This is a guest post by Hannah Weisfeld
The poll on British Jewish attitudes towards Israel, conducted by the Institute for Jewish Policy Research in 2010, revealed that the UK Jewish community is defined by unshakeable commitment to Israel. 90% view it is as the ancestral home of the Jewish people, and 95% have visited at least once. Remarkably, 22% think it is likely they will live there in the future.
With this context, it is no great surprise that the vision behind Yachad, the UK’s pro-Israel, pro-peace movement, is based on desire to strengthen Israel as the democratic national home of the Jewish people. Yachad aims to galvanise large numbers of British Jews to show members of its own community, Israel, and the world at large, that a majority of supporters of Israel believe that the best way to safeguard Israel’s future is to stand in support of the steps needed to create peace – which means two states for two people. It is clear from demography alone that Israel cannot survive as a Jewish and democratic state if it does not cede control of the occupied Palestinian territories. A very unpalatable dilemma will be put before all those who believe in the existence of a Jewish state: Israel as a non-Jewish state or Israel with a minority Jewish population ruling over a majority Palestinian population.
There is growing concern amongst Israel’s supporters that time is no longer on her side. The impending vote at the United Nations General Assembly this coming September looks set to bring a Palestinian State into existence – unilaterally. Pre-conditions to negotiations will be a non-issue as there will be no negotiations. What a unilaterally declared state means in reality when there are 500,000 people living within the territory who are citizens of another state, whose government is threatening to annex large chunks of territory, and whose army and border policy are on the ground protecting them, remains to be seen. However, one thing is clear: once the international community declares Israel to be occupying a sovereign nation, it will be impossible to stop escalating calls for sanctions and boycotts. A German company has just pulled out of the new railway between Jerusalem and Tel Aviv, which cuts through part of the West Bank. This is just a flavour of what’s to come.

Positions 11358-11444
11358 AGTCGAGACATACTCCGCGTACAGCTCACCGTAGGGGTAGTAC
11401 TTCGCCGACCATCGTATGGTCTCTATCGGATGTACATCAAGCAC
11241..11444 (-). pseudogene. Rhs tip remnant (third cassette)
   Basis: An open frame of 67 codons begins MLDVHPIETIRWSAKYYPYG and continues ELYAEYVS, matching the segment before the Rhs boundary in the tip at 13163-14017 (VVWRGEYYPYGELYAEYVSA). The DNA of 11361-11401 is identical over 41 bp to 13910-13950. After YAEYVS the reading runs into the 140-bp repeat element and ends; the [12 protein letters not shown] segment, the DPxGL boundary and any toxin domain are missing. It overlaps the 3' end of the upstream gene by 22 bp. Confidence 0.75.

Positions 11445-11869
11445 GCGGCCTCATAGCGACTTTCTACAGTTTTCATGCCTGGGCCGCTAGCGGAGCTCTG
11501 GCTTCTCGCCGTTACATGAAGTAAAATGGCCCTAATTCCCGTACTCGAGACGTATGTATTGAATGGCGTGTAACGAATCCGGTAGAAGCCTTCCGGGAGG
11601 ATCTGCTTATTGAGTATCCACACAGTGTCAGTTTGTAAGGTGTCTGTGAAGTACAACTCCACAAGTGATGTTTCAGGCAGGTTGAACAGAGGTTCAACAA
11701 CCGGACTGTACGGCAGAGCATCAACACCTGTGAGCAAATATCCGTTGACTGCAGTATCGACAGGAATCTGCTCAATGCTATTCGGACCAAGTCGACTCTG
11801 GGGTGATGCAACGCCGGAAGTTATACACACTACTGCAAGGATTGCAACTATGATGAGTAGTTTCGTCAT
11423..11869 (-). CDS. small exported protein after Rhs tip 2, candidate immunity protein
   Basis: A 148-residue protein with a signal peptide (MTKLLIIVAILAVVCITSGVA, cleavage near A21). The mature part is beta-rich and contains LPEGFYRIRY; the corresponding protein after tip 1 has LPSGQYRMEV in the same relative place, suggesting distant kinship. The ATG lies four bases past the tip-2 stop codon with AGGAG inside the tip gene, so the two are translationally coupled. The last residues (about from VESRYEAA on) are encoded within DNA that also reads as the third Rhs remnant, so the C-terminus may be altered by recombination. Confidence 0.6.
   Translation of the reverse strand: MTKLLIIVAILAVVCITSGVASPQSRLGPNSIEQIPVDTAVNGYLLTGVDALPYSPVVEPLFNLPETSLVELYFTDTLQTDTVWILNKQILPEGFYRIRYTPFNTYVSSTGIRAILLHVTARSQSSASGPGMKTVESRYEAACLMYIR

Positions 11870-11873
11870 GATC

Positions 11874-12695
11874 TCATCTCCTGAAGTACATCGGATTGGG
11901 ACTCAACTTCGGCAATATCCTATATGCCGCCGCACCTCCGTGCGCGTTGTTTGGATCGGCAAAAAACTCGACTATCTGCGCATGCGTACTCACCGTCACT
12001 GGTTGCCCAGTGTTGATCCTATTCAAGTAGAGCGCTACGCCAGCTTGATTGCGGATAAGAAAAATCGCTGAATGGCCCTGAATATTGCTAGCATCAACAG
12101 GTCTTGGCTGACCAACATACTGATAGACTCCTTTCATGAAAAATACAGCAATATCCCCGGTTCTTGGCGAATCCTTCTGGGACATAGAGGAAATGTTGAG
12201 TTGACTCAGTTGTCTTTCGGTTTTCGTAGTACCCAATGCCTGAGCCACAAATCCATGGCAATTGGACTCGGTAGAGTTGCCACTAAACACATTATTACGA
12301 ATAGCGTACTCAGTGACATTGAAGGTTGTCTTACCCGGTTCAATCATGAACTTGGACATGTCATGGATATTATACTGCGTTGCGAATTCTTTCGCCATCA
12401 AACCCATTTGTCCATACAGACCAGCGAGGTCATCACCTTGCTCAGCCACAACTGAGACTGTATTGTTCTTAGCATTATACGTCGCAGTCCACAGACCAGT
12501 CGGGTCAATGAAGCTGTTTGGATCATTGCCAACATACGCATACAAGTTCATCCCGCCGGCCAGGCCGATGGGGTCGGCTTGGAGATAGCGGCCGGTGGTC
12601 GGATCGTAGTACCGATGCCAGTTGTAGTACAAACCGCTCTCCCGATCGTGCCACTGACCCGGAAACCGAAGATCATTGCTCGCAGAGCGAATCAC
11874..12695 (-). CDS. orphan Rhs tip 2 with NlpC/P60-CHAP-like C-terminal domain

Yachad will not be naïve to the threats Israel faces from terror organisations on its borders and those beyond its borders who wish to defame it. However if Israel is to survive and thrive it must move beyond an agenda defined by extremists. This is not the position of ‘bleeding heart liberals’ in the Jewish Diaspora. Just today Yedioth Ahronoth, Israel’ s most widely circulate paper (excluding Yisrael Hayom, the daily freebie) carried a full page advert, signed by over 80 of Israel’s political, military and intellectual establishment, calling on Israel to urgently recognise a Palestinian State based on 1967 borders. And just over a month ago, the Israeli Peace Initiative was launched, supported by a number of the security elite, calling for the 1967 borders to form the basis of negotiations with no pre-conditions.
Yachad believes that to be a supporter of Israel means to stand in support of the actions that safeguard Israel as a Jewish and democratic state, which must mean the creation of a Palestinian state alongside Israel. There are steps Israel will need to take, some of them hard, to get there, and the time has come for Jewish communities around the world, who are Israel’s greatest friends and allies, to stand in support of policies that safeguard Israel’s future.